The Most Dangerous Idea

There’s been a lot of ballyhoo over this list. Many major minds, most of them apparently Caucasian and male, have been consulted for their “most dangerous ideas.” Presumably the whole exercise will facilitate great intellectual discussion, limitless coffers poured into research and development, and several Slashdot threads that will carry on well into 2012.

Of course, nobody bothered to consult me. And while I am quite Caucasian and quite male, I’m not a scientist and I’ve yet to publish a book. Let’s the face the facts: I’m just some half-baked literary blogger and I still, with great guilt, heat up a frozen chimichanga from time to time.

However, let us postulate a parallel universe (those who have watched a few episodes of Sliders will understand) where Jared Diamond is working a day job and blogging like a maniac and I, on the other hand, am a nonfiction author beloved and adored by millions for meticulously researched yet highly pessimistic fat books. Let us further suggest that “The World Question Center” (a name which sounds suspiciously close to “Customer Service Center”) deigned to ask me about my “most dangerous idea.”

It really needs to be said. So here goes:

Penises in mainstream film.

Western society has reached a point where premarital sex is the norm. We have penises in locker rooms. We have them in boudoirs (or what sometimes passes for boudoirs in cramped apartments inhabited by multiple homo sapiens). In the presence of a lady, men will sooner divest themselves of their boxers rather than their black socks. What exactly does that say? Well, speaking as someone who enjoys being naked (particularly with other people) and who is quite guilty of the black socks crime (there are reasons; please don’t ask), I submit to scholars and casual anthropologists of all stripes that your typical Western male has a closet hankering to let it hang loose. For let us be clear on this: micturating in the open air is a fantastic sensation.

In other words, the penis has reached a point where it is more prominent in our everyday culture than the films which allegedly reflect this culture. And if films are intended as a verisimilitudinous medium (again don’t laugh), Hollywood endings notwithstanding, we must address the reality of the penis. It exists. It is seen. And it is not a harmful organ. Contrary to contemporary forms of homophobic paralogia, it will not corrupt a male heterosexual’s mind. (Proof positive: I have lived in San Francisco for eleven years and, while I have become slightly more perverse, I have no sexual or romantic interest in men — all this despite the fact that I am more likely to see an accidental penis in this town on any given day.) A penis will harm nobody really. Yes, it is capable of penetrating orifices or being tainted with genital warts. But if we’re talking about your garden variety one-eyed snake here, on what level is it pernicious?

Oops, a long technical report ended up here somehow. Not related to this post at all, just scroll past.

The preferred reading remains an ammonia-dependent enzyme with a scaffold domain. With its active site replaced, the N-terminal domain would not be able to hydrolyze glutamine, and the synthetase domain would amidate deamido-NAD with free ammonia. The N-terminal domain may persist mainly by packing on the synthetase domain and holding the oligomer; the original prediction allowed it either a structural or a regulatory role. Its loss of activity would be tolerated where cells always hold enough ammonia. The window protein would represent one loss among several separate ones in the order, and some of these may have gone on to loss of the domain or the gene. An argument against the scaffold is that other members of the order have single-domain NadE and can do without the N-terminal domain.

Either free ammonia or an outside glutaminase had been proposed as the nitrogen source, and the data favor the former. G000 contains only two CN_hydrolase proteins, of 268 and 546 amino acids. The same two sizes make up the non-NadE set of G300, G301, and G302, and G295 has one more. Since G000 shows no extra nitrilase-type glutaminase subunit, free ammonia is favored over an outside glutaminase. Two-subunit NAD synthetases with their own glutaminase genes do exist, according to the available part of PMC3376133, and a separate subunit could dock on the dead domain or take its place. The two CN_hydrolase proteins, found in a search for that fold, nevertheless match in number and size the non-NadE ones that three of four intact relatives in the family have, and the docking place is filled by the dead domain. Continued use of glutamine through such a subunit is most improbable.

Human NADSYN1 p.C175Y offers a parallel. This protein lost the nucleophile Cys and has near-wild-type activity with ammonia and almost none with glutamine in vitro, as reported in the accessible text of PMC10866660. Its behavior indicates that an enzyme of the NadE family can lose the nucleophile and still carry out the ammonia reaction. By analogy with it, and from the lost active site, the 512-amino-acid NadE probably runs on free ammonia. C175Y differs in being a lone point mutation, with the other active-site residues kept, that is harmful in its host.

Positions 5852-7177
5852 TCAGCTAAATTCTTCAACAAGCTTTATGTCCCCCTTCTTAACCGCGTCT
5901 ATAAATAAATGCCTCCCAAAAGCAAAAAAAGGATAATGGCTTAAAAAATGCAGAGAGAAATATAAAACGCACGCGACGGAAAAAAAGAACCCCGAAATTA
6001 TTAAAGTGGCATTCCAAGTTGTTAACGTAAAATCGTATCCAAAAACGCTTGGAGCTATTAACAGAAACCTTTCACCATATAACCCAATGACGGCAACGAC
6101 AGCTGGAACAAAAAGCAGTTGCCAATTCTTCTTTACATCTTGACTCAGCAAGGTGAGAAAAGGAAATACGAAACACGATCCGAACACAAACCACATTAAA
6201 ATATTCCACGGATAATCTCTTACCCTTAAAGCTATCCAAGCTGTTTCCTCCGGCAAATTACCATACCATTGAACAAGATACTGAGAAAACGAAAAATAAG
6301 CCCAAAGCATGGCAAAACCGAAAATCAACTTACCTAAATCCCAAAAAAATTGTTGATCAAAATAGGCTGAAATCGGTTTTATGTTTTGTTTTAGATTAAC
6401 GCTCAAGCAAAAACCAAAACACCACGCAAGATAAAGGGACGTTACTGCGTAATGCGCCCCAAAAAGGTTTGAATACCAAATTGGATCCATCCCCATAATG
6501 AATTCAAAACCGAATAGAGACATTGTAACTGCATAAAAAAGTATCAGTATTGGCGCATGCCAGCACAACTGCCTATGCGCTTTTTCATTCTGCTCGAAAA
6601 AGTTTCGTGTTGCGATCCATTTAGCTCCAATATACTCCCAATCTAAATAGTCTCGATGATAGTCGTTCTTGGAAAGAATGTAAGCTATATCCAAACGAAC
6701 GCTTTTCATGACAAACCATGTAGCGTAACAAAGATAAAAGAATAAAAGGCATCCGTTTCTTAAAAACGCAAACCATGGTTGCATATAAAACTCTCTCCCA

Let us consider the double standard, which has frankly gone on far enough. So it’s perfectly okay for women to disrobe completely in an R-rated film, stopping just short of the full open labial shot frequently found and fawned over in hardcore porn. It is perfectly okay for the camera to dwell upon a slow-motion shot of jiggling breasts. Where however are the penises? Sure, there’s the odd Ewan McGregor or Harvey Keitel determined to get their John Thomases displayed in nearly every movie they appear in. But a real “actor” would never sully his reputation by exposing nothing more than his ass and bare chest.

If the idea here is that testicles and a cock represent a sensitive area and thus should not be displayed, then obviously the men who offer this bullshit excuse have clearly overlooked the sensitivity of the female mammary gland (in particular, the nip).

I submit to the American public that there are far more disturbing things to witness than naked people (violence, for starters) and, in particular, penises. In fact, the human body, as has been noted on more than one occasion by sundry dabblers and scriveners, is quite beautiful. And the idea that this beauty can’t sit squarely within R-rated territory like its mammary and outside labial counterparts is a crime against gender equality. And it’s really not much fun to boot.

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  1. The answer to your question has already been postulated by Elaine on “Seinfeld”: the female body is a thing of beauty, a work of art; the male body is utilitarian, made for just getting around…like a Jeep. In other words, both sexes enjoy seeing a nude female; neither particularly likes seeing a nude male.

  2. I think a good question, is
    “What’s the Big Idea?” You can use this in almost any situation, along with “I’m Just Sayin'”

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